November’s saint for the Saint of the Month Box is St. Martin of Tours, aka San Martin Caballero, whose feast day in the Roman Catholic calendar is November 11th.
He was a 4th century bishop in Tours but had once been a soldier, and this is how he’s almost always pictured in the art of Western Christendom – a soldier on horseback cutting his cloak in half to clothe a beggar. He had a reputation for miracles even while he was still living, and he was one of the first non-martyred saints to be venerated so widely.
Officially, he’s the patron saint of beggars, the cavalry (and equestrians generally), innkeepers, soldiers, and geese, and he is invoked against poverty and alcoholism.
In popular practice, however, especially in the Latin American tradition, you’ll find his image in restaurants, hotels, bars, shops, and anywhere else where the proprietors rely at least in part on strangers/passing travelers for their income. You’ll also find his image — and especially his horse’s horseshoe — serving as a fairly broad-based good luck token in all kinds of contexts. Folks call on him when they need a job, pray for his intercession to protect them from evil and change their bad luck, carry his package amulet or bundle when they’re gambling, hang his image in their homes for general luck and prosperity, even build a shrine with his horseshoe when they need a better place to live (and they are sure to give the shrine pride of place when they move into the new digs!)
You can get your very own cool box of San Martin Caballero stuff in the Saint of the Month box for November at Seraphin Station. They usually contain something you don’t already have because I’ve collected a ton of cool stuff over the course of my lifetime working with saints and spirits, and they will usually contain some item or product that you can’t get elsewhere or otherwise.
If you know me, you know I’m not a roses and jasmine type of person. So none of these soaps are made with any scent I would not personally wear. The sweetest are probably the Gold Rush and the Love Drawing; the former is a bright citrusy burst and the latter a blend of woods and citruses with the very faintest of floral topnotes. There’s nothing super-feminine or girly here, and while the Love bars are pink, they don’t smell pink 🙂 Anybody of any age or gender can use any of these.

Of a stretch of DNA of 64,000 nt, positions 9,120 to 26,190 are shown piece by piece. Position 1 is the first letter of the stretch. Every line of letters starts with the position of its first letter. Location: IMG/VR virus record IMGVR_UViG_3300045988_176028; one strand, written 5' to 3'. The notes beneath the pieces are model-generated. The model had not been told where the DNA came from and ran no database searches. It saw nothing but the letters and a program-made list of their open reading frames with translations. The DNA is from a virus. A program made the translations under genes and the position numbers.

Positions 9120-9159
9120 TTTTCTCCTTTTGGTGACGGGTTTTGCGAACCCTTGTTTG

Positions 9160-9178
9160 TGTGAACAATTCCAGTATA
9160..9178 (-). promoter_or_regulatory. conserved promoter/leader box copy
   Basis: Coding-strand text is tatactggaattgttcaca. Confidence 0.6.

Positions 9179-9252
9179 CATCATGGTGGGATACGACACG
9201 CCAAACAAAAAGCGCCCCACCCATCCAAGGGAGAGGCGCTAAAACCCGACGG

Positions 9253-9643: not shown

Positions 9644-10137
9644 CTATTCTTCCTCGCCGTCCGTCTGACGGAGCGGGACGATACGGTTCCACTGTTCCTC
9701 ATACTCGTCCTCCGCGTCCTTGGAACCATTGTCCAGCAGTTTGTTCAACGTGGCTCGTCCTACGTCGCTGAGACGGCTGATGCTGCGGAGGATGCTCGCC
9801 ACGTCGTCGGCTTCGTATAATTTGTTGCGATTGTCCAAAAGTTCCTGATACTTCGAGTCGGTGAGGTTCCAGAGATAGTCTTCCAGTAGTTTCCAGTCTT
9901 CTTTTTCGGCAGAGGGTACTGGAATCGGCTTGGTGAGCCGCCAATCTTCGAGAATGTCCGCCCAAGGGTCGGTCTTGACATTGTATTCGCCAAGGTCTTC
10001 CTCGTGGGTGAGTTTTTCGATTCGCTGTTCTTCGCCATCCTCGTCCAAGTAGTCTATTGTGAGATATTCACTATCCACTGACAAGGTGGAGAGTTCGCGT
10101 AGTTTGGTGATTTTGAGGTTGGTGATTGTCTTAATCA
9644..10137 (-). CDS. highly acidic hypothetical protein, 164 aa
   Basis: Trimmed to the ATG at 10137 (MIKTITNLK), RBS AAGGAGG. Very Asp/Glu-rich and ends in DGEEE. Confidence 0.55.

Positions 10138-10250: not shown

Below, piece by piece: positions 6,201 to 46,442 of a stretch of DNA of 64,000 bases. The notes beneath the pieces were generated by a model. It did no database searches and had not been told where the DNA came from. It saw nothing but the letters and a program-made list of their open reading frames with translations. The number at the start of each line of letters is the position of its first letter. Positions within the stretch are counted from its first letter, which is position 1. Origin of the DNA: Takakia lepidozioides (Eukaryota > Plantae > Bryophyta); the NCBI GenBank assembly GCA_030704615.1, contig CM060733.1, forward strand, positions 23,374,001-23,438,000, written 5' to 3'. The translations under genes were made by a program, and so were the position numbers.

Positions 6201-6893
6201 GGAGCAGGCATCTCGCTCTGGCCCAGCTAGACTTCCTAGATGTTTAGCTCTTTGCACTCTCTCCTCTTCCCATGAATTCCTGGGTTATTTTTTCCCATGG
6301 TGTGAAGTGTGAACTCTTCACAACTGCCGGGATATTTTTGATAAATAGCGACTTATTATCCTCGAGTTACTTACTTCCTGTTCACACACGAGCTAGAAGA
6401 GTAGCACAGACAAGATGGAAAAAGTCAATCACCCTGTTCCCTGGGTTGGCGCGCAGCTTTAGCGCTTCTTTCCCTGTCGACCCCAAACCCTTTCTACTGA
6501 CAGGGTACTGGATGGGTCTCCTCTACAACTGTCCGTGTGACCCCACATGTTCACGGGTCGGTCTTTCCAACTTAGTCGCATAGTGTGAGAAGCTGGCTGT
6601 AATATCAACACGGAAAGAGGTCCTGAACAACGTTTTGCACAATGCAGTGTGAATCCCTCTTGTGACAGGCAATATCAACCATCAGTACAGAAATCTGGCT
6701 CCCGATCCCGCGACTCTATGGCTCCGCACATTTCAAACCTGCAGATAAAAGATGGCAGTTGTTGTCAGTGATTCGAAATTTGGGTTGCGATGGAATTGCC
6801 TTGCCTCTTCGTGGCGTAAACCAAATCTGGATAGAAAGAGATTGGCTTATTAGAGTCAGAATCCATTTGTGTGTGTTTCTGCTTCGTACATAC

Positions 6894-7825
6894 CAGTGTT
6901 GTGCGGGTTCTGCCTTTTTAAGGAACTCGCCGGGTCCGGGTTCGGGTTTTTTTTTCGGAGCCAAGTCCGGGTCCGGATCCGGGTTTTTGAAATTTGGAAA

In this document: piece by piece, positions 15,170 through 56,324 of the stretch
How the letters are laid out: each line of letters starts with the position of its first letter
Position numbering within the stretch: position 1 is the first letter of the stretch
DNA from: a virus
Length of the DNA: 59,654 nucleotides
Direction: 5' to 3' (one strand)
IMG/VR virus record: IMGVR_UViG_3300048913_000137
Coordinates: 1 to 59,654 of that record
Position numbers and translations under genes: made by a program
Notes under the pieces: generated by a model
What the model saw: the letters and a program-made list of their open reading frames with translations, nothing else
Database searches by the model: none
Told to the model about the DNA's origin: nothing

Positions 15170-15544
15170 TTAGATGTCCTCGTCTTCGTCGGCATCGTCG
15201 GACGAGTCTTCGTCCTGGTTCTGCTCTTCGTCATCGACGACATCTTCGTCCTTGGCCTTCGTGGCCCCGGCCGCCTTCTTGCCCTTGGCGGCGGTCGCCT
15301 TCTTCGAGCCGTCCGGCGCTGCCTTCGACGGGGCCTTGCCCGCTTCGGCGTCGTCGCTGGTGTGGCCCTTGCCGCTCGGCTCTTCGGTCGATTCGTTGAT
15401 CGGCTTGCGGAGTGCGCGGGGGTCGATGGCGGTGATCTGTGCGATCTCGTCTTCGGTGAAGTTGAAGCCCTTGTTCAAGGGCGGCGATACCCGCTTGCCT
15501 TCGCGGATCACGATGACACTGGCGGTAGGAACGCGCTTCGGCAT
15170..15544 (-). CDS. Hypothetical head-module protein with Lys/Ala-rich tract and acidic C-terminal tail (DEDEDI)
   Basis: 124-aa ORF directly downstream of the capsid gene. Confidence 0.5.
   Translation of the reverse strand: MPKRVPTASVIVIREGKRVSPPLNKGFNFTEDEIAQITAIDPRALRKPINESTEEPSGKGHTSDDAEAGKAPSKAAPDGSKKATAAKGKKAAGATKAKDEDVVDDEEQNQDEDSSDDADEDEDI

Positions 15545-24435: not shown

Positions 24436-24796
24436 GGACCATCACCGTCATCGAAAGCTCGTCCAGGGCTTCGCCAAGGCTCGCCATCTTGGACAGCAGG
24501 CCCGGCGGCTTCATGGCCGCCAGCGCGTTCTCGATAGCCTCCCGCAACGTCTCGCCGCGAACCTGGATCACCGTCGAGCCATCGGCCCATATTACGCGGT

Hyatt’s HCWR, V. 2, “Medicine-Show Man” from Sumter, SC.
p. 1097: “De great mistake wit de people today dey take too long tuh find de black cat. It do jes’ as well fo’ yo’ to ketch any cat and paint it black with any black powder or shoe polish. Ghos’es is some way crazy ovah whiskey…dat whiskey is a witch’ry anyhow. Anothah fine thing, doc.”
p 1100: “If yo’ kin git it, people take an’ use de thing dey call de black cat bone. Dat’s kinda hard tuh git, though. De real way–de ole time way lak a ole 65 yeah ole fellah lak me– but de mos’ lucky bone in de world is de black cat bone.”
“De real ole-time way to git de bone is — yo’ ketch a black cat.” [Actually, the details of how to make the fire in the woods are a bit much for me to type, but of interest here is that he says 1. you can catch a cat and paint it black, as long as its black when you cook it, and 2. you need to put a lid on it after you throw it in the pot alive, or else “he’s goin’ have mo’ power den yo’ think, boy.” Delightful. Anyway, also of interest is, “It dont’ make no difference whether he’s black all ovah or not, but de back of him must be black from his haid to his tail — an his tail.”]
“…dere is a bone dat will come on top of de watah an all de othah bones really goin’ tuh sink. Den yo’ take out dat bone whut come on top of de watah an’ dat’s worth a thousan’ dollahs to any man.”
p 1106: “On way — de ole time way of keepin’ de law out yore place is to — dat same black cat bone. Yo’ take dat black cat bone an’ sew it up into some kind of a good stout cloth…an’ yo’ tack him up ovah yore do’. In some cases, wherevah de black cat bone is kept, yo’ can afford to take a black cat bone an’ trace on a big cardbo’d jes’ de shape of dat black cat bone, an’ sew it up in a pad somepin lak a folding pocketbook, an’ tack it ovah de front do’ an’ one ovah de back do’, an’ dat keeps him out. Some of de bones is very scarce — sometimes yo’ use dem as a substitute, but dey’s not quite as good as de real bone itself. But yo’ can use it in cheaper form in dat way.”
Somebody remind me to post about the “graveyard snack.”